Avoiding the herd
At times, it feels that few share my view of markets. It is during these periods that I feel it is most important to call out herd behaviour – something that tends to increase during episodes of mass fear.
This phenomenon is clear in today’s atmosphere of unprecedented uncertainty. The relationship between growth and value is undoubtedly stretched and some valuations appear to be in – or are heading towards – bubble territory. Meanwhile, central banks are manipulating markets with injections of liquidity, which makes determining the immediate direction of travel very difficult.
There is no doubt that the technical environment is an excellent one for credit. There is little-to-no yield to be found in developed-market sovereign debt, equity income is challenged, and credit spreads remain wider than their historical averages. We have a less positive view on fundamentals, which in some respects are weaker than they have been for a decade.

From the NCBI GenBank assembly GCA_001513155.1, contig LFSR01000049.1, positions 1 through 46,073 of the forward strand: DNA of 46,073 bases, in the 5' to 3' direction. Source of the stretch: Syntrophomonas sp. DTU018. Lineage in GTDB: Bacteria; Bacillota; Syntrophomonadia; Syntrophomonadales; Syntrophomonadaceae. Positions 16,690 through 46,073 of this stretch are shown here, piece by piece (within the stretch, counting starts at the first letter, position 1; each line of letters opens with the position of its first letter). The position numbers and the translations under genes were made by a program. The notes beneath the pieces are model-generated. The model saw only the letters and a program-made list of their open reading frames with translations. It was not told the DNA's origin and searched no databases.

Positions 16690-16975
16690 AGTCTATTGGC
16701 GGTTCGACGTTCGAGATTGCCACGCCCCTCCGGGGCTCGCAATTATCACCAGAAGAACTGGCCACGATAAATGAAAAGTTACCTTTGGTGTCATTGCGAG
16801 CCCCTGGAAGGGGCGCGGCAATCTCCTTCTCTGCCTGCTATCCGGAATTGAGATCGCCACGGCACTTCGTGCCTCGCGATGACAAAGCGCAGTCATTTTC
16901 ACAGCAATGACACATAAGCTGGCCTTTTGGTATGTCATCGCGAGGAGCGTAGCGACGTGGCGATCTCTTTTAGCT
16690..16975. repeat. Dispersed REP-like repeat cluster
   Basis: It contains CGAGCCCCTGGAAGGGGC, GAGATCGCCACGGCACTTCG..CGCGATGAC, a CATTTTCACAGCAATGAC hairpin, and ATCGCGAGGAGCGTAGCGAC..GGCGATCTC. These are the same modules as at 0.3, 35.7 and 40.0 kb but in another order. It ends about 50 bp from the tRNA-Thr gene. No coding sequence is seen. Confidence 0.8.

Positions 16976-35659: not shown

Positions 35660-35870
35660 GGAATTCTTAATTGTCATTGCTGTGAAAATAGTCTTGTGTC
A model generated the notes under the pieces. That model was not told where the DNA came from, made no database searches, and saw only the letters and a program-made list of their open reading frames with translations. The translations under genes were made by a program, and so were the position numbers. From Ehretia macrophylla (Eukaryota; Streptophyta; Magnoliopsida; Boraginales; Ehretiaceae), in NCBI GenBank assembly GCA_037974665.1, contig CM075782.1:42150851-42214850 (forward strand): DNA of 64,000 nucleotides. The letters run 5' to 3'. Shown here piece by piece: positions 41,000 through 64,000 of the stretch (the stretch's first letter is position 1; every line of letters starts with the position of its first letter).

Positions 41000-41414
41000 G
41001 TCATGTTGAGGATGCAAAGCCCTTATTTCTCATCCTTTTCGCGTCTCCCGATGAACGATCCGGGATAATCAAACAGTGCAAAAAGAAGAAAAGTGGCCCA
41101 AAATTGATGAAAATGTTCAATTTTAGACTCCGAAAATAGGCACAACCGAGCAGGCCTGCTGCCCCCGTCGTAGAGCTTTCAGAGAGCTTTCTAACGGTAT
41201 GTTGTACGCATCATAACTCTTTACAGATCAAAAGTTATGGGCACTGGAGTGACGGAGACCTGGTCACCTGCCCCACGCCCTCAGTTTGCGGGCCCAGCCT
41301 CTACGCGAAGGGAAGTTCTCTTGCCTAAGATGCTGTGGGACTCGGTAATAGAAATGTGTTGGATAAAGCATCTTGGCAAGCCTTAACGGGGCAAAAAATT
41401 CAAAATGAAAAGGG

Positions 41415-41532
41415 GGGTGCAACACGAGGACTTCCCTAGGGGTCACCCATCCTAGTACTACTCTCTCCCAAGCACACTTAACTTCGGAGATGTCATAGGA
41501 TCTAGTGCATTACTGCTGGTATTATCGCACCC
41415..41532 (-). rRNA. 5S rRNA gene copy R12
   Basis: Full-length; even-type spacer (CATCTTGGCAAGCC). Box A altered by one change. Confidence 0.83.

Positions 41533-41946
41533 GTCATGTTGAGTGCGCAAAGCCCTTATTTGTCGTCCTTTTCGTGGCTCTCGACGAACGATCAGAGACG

Going forward, we will take an active, conservative approach to credit investing that uses detailed, bottom-up analysis – something we believe will help us seek out the opportunities that are so often overlooked by those that follow the herd.